Ally Armeson, the executive program director of Cybercrime Support Network, a nonprofit organization, says “Generative AI is evolving very quickly. Like any technology, generative AI can be misused or exploited for harmful purposes, so certainly regulation will be necessary as these generative AI tools continue to develop.”
And before the regulations were imposed, the technology started getting misused. The increasing use and acceptance of artificial intelligence (AI) tools have made it easier to manipulate images, videos, and voices of acquaintances and relatives.
Recently, news surfaced that cyber attackers are exploiting AI-based voice and facial reenactment technology to deceive individuals. A recent study indicates that India is the country with the highest number of victims, with 83% of Indians losing their money in such fraudulent activities. Criminals trick their victims into thinking they’re talking to a relative who needs money for reasons like paying for damages from a car accident or paying ransom for a kidnapping. A McAfee report suggests that a majority (69%) of Indians are unable to distinguish between a genuine human voice and an AI-generated voice.
Fraudsters are taking advantage of AI to mimic the voices / generate fake videos from available social media pictures to portray distressed family members, and a considerable number of Indians are becoming victims of such scams.
Facial reenactment, which is a technique that involves using AI to map the movements of a person’s face onto the face of another person in a video or audio recording, can be implemented very convincingly, making it difficult to tell whether the video or audio recording is real or fake.
Choosing a Global Software Development Partner to Accelerate Your Digital Strategy
To be successful and outpace the competition, you need a software development partner that excels in exactly the type of digital projects you are now faced with accelerating, and in the most cost effective and optimized way possible.
In a recently reported case of an AI-deepfake scam, a man from Kerala got trapped and lost Rs 40,000 . The victim, Radhakrishnan, a native of Kozhikode, received a video call from an unknown number. On receiving the call, the image of the person on the video call was similar to one of his former colleagues in Andhra Pradesh. To gain his trust, the caller even mentioned the names of some of their common friends.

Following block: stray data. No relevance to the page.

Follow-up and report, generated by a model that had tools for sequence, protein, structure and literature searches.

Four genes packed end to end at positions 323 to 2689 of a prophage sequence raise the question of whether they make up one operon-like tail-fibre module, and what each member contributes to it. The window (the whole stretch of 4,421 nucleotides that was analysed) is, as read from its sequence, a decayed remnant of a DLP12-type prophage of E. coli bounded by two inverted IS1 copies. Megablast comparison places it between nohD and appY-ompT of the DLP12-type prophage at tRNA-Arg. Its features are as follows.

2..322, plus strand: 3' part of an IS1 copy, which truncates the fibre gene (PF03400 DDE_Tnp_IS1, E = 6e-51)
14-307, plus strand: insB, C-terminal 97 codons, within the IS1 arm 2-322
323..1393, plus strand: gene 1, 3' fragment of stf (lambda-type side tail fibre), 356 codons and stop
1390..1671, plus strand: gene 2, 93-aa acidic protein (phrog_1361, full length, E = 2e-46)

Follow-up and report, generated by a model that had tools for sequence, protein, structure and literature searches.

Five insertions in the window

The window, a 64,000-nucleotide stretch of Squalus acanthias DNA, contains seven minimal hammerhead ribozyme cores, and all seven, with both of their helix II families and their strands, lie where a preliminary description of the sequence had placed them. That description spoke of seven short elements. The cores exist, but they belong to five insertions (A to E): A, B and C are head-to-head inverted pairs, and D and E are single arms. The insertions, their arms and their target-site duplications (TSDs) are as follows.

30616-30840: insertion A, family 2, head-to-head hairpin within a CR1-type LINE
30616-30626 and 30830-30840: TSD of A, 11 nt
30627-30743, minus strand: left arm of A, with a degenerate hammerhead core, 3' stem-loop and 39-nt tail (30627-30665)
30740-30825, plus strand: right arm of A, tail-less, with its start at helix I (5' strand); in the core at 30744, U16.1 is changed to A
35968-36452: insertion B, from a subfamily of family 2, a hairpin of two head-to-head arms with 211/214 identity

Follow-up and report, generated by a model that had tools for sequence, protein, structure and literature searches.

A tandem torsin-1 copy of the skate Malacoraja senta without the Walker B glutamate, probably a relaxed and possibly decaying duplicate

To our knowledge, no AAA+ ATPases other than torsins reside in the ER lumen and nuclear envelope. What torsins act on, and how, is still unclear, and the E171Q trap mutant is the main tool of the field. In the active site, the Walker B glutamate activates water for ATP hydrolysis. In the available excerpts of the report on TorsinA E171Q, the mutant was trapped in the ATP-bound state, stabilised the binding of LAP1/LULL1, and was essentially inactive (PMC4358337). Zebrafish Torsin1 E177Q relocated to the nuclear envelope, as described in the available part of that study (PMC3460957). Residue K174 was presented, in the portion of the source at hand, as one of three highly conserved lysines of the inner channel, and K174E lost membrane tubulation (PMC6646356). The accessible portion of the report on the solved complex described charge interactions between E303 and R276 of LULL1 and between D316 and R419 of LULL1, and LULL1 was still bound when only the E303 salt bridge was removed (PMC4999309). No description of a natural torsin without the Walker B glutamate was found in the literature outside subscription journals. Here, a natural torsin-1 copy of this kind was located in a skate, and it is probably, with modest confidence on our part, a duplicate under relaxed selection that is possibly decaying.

Thinking it was a genuine call, the victim continued the video call and a few minutes into the call, the caller requested the victim for Rs 40,000 for immediate assistance for a relative in the hospital. Wanting to help his friend, the victim agreed to help and sent the amount online. However, a short time later, the same person asked for Rs 35,000. But this time, the victim became suspicious. He subsequently contacted his former colleague to cross-check. It was then that he realized he had been cheated and the call was not genuine. The victim then reported the fraud to the police.
“This is, without hesitation, the scariest thing I have ever seen,” said Scott Hermann, the founder of financial and identity protection company IdentityIQ.
Most of us think we would recognize our loved one’s voices in a heartbeat. However, McAfee found that 70% of adults who were surveyed lacked confidence in distinguishing between cloned and real voices. A 2019 study found that the brain didn’t register a significant difference between real and computer-generated voices. The subjects in the study incorrectly identified recordings as real 58% of the time, leaving plenty of room for scammers to take advantage. Moreover, many people are making their real voice available to scammers: McAfee said 53% of adults shared their voice data online weekly.
How to be Safe:
- Police have raised an alert against online cheating using AI-based deep fakes. They have warned people to double-check the veracity of any such requests. They have asked to alert the police over the helpline number 1930 in case of any cheating so that the transactions can be frozen.
- The caller from unknown number may ask you for personal information, or send money and may sound slower or different then you remember it. It’s best to end the call immediately and avoid answering any recurring calls from same number.
- Even the Federal Trade Commission says if you get a call from a loved one asking for money. You should call the person back using a phone number you know is theirs. If you can’t reach your loved one, try to get in touch with them through another family member or their friends.
If we are aware that such scams exist, we don’t need to be particularly worried. All it takes is the ability to take a step back and ask a few questions that only the loved one on the other end of the phone would know the answer to.
Security experts even recommend establishing a safe word with loved ones to distinguish between a genuine emergency and a scam.
The security agencies and the government are working for the solutions. Until all of us have access to the same, it’s our responsibility to understand this new cyber threat and protect ourselves.